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Big 10 Moves Into Warp Speed With Expansion Talks

So much for the turtles pace of 12-18 month time frame for the Big 10 to consider expansion.  The Big 10 is meeting today in Washington as is expected to make a (likely) decision on whether to expand or not.  Expansion has been this offseason's meme with articles talking about the death of the Big XII,  creation of the 16 team super conferences,  death of the Mountain West, Utah heading to the Pac-10, MWC candidatesvarious Big East teams heading to the Big 10, and many others.

The expected answer looks to be an overwhelming yes regarding the expansion today:

High-ranking Big Ten representatives will meet Sunday in Washington to discuss expansion. The timing and location of the session make sense considering the Association of American Universities has its semi-annual meetings there through Tuesday and all 11 Big Ten schools are AAU members.

If the conference can emerge from the meetings with a mandate to expand, Commissioner Jim Delany could take a substantial step next week at the annual Bowl Championship Series meetings outside Phoenix.

As laid out in the Big Ten's Dec. 15 statement, Delany would "notify" the commissioners of the affected conferences before "engaging in formal expansion discussions with other institutions."

The conferences to be notified is obviously the Big East first with Pitt, Rutgers, West Virginia, and Syracuse being mentioned, and then second is the Big XII since they want Texas.  The biggest fish is still Texas and then Notre Dame even though the Irish are saying they are not interested, but once Notre Dame athletic director Jack Swarbrick is shown how much more money the Domers will make being in the Big 10 could change some things.  

Big 10 expansion is all about the mighty dollar  where Notre Dame could increase its annual television revenue from roughly $15 million to $22 million because of the Big 10 Network.  Here is the top teams in terms of value are as followed below using a few factors via SB Nation's Big 10 blog Rivalry Esq:

9. The University of Missouri (6.75 Average)
8. The University of Kansas (6.00 Average)
7. Rutgers, The State University of New Jersey (5.5 Average)
6. Syracuse University (5.25 Average)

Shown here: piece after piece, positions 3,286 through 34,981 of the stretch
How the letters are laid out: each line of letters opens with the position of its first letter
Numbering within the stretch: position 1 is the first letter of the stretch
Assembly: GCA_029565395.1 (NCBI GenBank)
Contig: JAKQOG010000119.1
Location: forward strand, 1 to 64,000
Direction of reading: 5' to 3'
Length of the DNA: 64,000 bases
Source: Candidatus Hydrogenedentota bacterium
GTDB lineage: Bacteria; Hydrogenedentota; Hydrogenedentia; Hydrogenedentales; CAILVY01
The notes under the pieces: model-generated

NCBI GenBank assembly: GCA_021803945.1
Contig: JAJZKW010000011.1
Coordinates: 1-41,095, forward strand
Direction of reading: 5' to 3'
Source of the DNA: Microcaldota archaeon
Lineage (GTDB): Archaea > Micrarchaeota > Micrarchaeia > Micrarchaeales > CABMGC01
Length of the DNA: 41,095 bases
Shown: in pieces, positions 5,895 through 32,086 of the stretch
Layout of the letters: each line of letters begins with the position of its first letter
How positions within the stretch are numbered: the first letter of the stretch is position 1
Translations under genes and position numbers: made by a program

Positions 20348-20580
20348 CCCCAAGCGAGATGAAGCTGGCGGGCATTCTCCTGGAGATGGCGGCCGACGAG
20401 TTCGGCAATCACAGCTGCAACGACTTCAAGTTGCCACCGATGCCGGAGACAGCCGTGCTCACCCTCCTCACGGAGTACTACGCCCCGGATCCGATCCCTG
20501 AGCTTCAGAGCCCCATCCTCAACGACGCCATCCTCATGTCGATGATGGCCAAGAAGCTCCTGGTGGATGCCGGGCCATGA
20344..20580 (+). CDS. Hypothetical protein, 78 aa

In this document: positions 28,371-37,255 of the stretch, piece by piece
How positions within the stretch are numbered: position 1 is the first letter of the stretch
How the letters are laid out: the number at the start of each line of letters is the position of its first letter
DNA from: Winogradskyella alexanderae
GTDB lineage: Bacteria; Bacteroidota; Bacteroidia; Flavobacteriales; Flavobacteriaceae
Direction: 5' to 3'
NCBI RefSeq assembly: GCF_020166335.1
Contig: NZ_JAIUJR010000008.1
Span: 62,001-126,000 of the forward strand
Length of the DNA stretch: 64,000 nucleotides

5. University of Pittsburgh (5 Average)
4. University of Nebraska (4.75 Average)
3. Texas A&M University (3.5 Average)
T-1. University of Notre Dame (1.75 Average)
T-1. University of Texas (1.75 Average)

The amont of teams is the issue because it can be either one team or as many as five:

"I don't think 16 is scaring anyone off, as long as you can find (five) that are a good enough fit," said one source who has been consulted during the exploratory phase. "They're looking long-term, across the horizon. What gives them the best shot at keeping value at a high level?"

If the Big 10 really wants Texas they will most likely have to bring in the red-headed step child Texas A&M because the Texas legislative would have a say in the move, and the Aggies must be taken with Texas.  That decision could force the Big 10 to say no to Texas or create a16 team super-conference.  That would leave three teams left and the Big 10 will still make a push for Notre Dame and then round out the next few choices in Missouri and a couple of Big East teams.

The Big East could be on the fast track to losing their BCS status if they lose two teams and the worst case scenario would be folding football and having the league back to being a basketball conference.   The left over teams might options for the ACC and a remote possibility to join the SEC.

The affects on the Mountain West would be if any Big XII teams leave to join the Big 10, because if Missouri leaves BYU would be a really good choice to keep the league at 12 and keep the North/South divisions.  Now, if Texas goes by itself then TCU would be a good fit for the same reason BYU would be if Missouri left.  With the possibility of the Big 10 going for three or more teams with Texas, Texas A&M, and Missouri then the Big XII would be in trouble and they could take on BYU, TCU, and then the third team would be interesting and take too long to speculate at this time.

My strong opinion is that the Mountain West must be proactive and invite Boise State to have ten teams and be a league that is stronger then the Big East and at least on par with the ACC and Pac-10 in terms of the top teams.  The Mountain West may not need to invite Boise State to gain AQ status for the BCS, but it would make the conference stronger with four legit top 25 teams each year, and a few others who will be bowl eligible.  

Currently the Big 10 holds the cards in expansion talks as they look to make the first move, and if the Pac-10 is not paying attention they better perk up and get on the ball especially since their options are only minuscule in compared to what the Big 10 is looking to do.